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You’re Nuts: What was most puzzling about Ohio State’s loss to Michigan?

Your (almost) daily dose of good-natured, Ohio State banter.

Michigan v Ohio State Photo by Aaron J. Thornton/Getty Images

At least it was a beautiful day to be outside in late November in Columbus on Saturday! Other than that, if you’re an Ohio State fan there isn’t really anything positive to say about what happened inside Ohio Stadium between the Wolverines and Buckeyes. With the 45-23 loss to Michigan, Ohio State has not only now lost back-to-back games to the Wolverines for the first time since 1999 and 2000. The Michigan victory was their first in Columbus since 2000, and now Ohio State hasn’t beaten the Wolverines since 2019.

There was so many puzzling things that happened in Saturday’s game that Ohio State fans will be questioning for years. With a spot in the College Football Playoff hanging in the balance, the Buckeyes didn’t show up for the second half in their own building. While there is still a chance Ohio State could make the CFP if a few results fall their way this coming weekend, there’s no question that Ryan Day and everyone else involved with the Buckeye program has to take a long, hard look at what happened on Saturday, and how to make sure it doesn’t happen again.

Since the wounds from the loss to Michigan are still fresh, we figure it is a good time to find out what was most infuriating about what we saw on Saturday. What was the most surprising thing Ohio State did, or didn’t do, in the 45-23 loss?

Today’s question: What did you find most puzzling in Ohio State’s loss to Michigan on Saturday?

We’d love to hear your choices. Either respond to us on Twitter at @Landgrant33 or leave your choice in the comments.

Brett’s answer: Dallan Hayden only getting two carries

Not that I was expecting Hayden to be Beanie Wells and carry the football 39 times on Saturday, but Hayden only carried the football two times in the game. Does Ryan Day know that Hayden had two straight games where he ran for more than 100 yards, and was the best healthy running back on the Ohio State roster?

What makes Hayden only getting two carries in the game even more stupefying is Chip Trayanum got 14 carries in the game. The same Chip Trayanum that transferred to Ohio State to become a linebacker, and only had one carrying this season prior to Saturday’s game. I get that Trayanum had a couple of years of experience as a running back prior to coming to Ohio State. What I don’t get is why Ryan Day went away from a running back that was finding confidence after two really good games.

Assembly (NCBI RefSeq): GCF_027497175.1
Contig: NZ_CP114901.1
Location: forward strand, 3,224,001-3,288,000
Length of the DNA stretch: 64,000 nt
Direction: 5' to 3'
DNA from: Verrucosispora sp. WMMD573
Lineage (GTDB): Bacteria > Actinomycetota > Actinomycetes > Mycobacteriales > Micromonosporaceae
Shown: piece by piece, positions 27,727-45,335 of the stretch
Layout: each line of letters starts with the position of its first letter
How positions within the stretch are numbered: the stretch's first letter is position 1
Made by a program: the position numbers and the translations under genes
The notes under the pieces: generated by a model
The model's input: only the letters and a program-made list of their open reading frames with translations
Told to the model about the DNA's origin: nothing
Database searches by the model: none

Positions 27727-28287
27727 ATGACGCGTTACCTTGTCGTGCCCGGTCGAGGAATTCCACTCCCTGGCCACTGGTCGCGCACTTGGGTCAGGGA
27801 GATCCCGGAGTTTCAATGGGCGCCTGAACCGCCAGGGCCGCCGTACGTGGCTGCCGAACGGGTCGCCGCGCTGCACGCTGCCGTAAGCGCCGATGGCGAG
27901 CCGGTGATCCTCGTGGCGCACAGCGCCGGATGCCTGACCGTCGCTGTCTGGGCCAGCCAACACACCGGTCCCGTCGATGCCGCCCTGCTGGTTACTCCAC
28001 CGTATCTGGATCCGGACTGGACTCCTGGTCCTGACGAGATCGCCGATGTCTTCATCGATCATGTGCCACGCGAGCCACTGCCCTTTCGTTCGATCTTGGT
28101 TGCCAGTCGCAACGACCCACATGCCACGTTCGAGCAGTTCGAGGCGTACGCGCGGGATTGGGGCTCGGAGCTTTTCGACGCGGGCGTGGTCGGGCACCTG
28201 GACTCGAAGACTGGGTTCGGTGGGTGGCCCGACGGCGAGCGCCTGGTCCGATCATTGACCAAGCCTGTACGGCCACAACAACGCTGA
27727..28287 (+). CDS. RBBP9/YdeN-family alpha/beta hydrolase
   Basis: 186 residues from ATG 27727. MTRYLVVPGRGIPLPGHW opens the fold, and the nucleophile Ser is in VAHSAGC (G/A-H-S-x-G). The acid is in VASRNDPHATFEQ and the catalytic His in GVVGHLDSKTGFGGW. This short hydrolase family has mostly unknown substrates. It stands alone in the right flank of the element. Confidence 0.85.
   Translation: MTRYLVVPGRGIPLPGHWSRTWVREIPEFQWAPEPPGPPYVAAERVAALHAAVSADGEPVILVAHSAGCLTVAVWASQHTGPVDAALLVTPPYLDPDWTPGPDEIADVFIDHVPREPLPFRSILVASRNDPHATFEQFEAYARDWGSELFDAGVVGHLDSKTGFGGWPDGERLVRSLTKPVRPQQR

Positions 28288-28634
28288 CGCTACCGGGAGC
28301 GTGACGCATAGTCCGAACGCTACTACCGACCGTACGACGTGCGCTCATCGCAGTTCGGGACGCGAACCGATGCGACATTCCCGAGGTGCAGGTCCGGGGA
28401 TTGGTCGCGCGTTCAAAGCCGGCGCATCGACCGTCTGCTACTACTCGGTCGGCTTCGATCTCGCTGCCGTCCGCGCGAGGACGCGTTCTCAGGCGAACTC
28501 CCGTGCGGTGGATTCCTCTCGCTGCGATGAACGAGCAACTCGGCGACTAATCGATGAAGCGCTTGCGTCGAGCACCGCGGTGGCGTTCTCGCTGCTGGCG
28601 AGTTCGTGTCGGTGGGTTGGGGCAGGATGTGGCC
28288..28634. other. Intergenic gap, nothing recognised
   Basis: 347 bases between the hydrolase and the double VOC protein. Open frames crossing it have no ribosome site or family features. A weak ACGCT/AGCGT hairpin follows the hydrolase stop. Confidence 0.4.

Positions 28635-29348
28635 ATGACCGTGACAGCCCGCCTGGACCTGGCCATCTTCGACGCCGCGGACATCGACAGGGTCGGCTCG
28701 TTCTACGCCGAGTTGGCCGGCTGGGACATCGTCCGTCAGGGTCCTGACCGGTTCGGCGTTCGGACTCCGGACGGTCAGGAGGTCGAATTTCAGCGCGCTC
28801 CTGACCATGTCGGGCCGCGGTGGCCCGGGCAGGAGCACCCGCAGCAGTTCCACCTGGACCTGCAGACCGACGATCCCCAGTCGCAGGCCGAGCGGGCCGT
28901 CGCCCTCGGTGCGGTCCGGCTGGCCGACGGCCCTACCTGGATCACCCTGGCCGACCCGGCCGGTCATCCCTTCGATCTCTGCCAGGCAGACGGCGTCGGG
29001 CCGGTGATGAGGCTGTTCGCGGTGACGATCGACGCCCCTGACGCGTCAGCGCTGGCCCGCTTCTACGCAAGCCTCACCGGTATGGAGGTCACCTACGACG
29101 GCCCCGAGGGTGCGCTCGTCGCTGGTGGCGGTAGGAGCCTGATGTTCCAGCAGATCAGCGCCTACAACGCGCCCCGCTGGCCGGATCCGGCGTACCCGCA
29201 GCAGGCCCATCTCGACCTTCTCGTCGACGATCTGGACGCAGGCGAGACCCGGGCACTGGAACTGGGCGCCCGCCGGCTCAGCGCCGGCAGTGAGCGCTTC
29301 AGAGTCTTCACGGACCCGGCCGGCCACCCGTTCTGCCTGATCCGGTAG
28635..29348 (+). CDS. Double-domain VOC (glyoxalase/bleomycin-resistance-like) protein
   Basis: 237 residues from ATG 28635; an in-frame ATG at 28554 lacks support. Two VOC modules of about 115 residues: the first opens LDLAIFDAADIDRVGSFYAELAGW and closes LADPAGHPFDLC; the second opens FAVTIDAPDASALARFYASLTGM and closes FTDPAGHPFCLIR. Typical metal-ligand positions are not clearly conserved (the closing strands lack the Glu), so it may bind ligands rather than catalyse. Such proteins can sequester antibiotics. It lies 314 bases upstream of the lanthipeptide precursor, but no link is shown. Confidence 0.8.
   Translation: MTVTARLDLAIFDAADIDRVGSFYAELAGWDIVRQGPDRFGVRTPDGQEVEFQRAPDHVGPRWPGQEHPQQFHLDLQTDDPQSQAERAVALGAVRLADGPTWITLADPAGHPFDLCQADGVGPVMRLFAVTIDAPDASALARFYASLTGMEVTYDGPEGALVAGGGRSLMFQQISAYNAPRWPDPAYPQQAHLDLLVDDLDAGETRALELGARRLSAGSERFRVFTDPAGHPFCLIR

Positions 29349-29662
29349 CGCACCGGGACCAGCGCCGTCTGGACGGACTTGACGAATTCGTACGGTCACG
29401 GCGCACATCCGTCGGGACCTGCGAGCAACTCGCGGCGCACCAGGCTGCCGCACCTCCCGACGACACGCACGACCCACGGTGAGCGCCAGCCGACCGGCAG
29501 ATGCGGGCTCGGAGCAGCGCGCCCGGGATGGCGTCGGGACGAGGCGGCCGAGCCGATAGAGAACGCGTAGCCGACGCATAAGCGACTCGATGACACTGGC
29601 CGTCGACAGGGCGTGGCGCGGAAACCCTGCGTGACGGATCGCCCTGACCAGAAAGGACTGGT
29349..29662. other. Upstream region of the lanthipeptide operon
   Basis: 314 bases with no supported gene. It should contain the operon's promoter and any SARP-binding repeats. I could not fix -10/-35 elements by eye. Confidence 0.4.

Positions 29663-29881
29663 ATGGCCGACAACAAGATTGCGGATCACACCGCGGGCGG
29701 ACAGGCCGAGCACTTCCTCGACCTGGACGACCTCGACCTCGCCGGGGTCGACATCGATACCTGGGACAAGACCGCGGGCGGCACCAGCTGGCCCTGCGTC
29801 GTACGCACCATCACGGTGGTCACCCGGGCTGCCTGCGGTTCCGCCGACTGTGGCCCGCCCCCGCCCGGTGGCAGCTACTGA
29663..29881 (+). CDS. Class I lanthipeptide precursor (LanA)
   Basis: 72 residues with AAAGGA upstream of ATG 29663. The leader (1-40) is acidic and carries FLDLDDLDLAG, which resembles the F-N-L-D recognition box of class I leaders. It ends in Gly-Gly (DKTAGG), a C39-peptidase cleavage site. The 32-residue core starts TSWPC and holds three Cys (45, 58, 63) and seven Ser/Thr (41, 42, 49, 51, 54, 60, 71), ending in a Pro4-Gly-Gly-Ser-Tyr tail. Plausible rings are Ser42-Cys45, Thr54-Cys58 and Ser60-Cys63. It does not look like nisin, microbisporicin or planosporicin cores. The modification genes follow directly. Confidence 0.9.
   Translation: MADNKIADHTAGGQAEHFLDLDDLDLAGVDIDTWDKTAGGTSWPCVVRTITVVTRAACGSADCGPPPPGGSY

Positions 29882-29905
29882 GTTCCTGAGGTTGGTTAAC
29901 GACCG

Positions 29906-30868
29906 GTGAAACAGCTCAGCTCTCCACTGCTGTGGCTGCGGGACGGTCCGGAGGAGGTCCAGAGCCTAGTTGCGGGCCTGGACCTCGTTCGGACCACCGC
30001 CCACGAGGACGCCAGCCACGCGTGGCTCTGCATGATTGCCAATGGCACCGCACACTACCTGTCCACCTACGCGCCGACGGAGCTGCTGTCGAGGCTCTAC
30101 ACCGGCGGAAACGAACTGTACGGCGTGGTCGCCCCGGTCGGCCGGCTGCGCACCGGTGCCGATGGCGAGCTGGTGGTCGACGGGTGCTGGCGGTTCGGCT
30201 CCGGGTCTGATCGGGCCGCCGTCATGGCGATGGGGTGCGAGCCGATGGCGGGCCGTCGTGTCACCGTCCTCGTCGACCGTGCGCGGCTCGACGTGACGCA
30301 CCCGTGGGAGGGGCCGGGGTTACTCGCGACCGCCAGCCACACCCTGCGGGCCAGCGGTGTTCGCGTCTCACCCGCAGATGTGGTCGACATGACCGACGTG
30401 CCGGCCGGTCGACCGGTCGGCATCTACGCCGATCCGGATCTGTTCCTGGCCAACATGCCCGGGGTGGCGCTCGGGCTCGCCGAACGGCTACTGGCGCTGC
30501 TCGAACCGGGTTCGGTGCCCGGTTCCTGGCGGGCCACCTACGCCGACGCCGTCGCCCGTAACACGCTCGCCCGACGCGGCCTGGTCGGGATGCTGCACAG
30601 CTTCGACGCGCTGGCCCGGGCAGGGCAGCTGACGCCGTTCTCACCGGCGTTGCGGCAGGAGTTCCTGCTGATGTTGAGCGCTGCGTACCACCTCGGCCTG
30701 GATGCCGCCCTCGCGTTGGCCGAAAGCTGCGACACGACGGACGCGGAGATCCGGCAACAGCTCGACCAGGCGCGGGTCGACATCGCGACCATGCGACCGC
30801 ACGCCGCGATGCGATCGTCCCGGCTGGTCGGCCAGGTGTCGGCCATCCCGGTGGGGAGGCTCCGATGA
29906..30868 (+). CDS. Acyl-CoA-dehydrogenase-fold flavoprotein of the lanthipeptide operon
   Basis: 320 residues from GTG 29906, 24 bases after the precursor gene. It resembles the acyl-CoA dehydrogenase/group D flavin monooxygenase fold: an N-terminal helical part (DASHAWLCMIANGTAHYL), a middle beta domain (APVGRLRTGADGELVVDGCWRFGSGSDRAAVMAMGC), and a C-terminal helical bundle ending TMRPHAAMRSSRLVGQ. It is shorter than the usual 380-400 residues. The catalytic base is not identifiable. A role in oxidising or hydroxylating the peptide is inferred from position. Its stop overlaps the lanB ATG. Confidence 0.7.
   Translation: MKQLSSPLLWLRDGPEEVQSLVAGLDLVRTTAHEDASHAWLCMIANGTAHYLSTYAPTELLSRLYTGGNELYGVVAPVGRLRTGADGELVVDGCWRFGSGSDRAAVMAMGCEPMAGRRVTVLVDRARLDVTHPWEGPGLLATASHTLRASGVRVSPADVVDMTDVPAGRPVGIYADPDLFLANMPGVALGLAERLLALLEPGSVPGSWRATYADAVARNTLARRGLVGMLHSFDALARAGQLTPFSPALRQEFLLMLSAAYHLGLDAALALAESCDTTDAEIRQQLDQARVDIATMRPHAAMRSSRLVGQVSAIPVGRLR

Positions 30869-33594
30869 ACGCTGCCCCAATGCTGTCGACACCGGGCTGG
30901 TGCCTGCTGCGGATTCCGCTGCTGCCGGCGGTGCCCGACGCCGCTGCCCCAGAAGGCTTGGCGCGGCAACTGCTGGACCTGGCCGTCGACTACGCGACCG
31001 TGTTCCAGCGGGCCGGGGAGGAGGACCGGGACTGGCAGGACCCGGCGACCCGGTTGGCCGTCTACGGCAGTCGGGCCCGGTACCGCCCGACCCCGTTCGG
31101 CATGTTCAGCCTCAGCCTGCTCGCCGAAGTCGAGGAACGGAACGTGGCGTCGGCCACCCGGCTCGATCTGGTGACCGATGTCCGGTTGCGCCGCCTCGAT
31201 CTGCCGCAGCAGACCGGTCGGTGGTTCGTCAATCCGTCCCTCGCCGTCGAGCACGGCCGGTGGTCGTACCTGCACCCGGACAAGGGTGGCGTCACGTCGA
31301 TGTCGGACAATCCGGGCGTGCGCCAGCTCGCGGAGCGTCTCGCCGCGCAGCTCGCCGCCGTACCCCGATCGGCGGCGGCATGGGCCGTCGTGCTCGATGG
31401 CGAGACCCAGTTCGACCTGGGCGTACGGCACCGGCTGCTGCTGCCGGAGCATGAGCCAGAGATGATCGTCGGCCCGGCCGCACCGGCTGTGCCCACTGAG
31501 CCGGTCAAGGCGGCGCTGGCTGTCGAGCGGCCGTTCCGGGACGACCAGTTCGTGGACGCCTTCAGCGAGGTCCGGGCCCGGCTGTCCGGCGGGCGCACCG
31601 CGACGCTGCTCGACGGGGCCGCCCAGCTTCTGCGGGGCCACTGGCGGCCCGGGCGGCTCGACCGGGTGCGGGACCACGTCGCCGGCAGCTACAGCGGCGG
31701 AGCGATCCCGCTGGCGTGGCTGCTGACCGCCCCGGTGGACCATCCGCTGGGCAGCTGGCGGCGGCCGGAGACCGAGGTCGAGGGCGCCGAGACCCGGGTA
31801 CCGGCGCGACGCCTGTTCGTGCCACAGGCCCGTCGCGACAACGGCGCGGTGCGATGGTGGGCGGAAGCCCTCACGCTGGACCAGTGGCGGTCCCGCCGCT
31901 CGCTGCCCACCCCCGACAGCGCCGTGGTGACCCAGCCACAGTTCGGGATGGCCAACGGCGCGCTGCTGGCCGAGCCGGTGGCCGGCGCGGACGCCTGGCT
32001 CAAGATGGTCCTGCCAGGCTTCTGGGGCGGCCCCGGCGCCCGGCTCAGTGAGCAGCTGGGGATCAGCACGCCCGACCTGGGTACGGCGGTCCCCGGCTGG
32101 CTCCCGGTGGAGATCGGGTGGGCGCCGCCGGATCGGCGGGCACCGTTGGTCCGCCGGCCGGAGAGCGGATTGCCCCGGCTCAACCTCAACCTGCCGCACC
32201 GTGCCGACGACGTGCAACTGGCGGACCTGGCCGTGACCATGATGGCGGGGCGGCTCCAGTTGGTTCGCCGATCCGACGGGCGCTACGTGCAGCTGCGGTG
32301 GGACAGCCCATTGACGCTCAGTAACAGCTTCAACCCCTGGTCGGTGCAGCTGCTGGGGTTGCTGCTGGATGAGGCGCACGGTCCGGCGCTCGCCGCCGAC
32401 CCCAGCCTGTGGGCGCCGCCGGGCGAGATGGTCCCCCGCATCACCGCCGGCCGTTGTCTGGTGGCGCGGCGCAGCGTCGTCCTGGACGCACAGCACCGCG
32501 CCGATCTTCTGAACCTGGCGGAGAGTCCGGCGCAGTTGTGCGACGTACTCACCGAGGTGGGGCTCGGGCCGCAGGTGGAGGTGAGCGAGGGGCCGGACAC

If Hayden was given the workload that Trayanum saw in Saturday’s game, is the result different? We’ll never know. I just figure that Hayden could have given the Buckeyes a better change of pace than Trayanum did. If Day didn’t want to give Hayden so many carries because he was a true freshman and he wasn’t confident that Hayden was ready for the moment, then what was all the work Hayden did the two weeks before Saturday’s game for?

Were there more egregious things from Saturday’s game that should be addressed? Definitely. This is just what stuck out the most for me since Hayden had been playing so well lately.

Meredith’s answer: Ohio State not capitalizing on early possessions

For me, the most disappointing thing of this disappointing game (besides Michigan planting their flag at the 50-yard line, blergh) was how Ohio State had a chance to put Michigan away early — but didn’t.

The Buckeyes started the game with a methodical, 12-play touchdown drive. The defense then held the Wolverines to a field goal. Ohio State added a field goal after the Buckeyes’ second drive stalled out at the Michigan 14-yard line.

What happened next is the challenge. The Ohio State defense forced three-and-outs on the next two Michigan drives. And Ohio State’s offense, which had been humming:

  • Turned the ball over on downs after an eight-play, 36-yard drive
  • Punted after a four-play, 21-yard drive

I’m not saying Ohio State had to score on every possession, but the idea of being up 24-3 in the second quarter would have shifted the mentality, especially since it felt like Ohio State was so in control on both sides of the ball even if those two drives didn’t lead to scores. Michigan was quick-strike Saturday, but the Buckeyes had the formula figured out early and let the Wolverines out-strategy and out-adjust them. Plus, even with a quick-strike attack, it’s hard to come back from a three-score deficit.

The Buckeyes scored another touchdown in the first half after two quick strikes from Michigan to maintain the halftime lead, but the offense seemed dead in the water by then. Remember how Ohio State’s second possession out of the break (the first resulting in a punt) ended up with a 1st-and-35 after two penalties?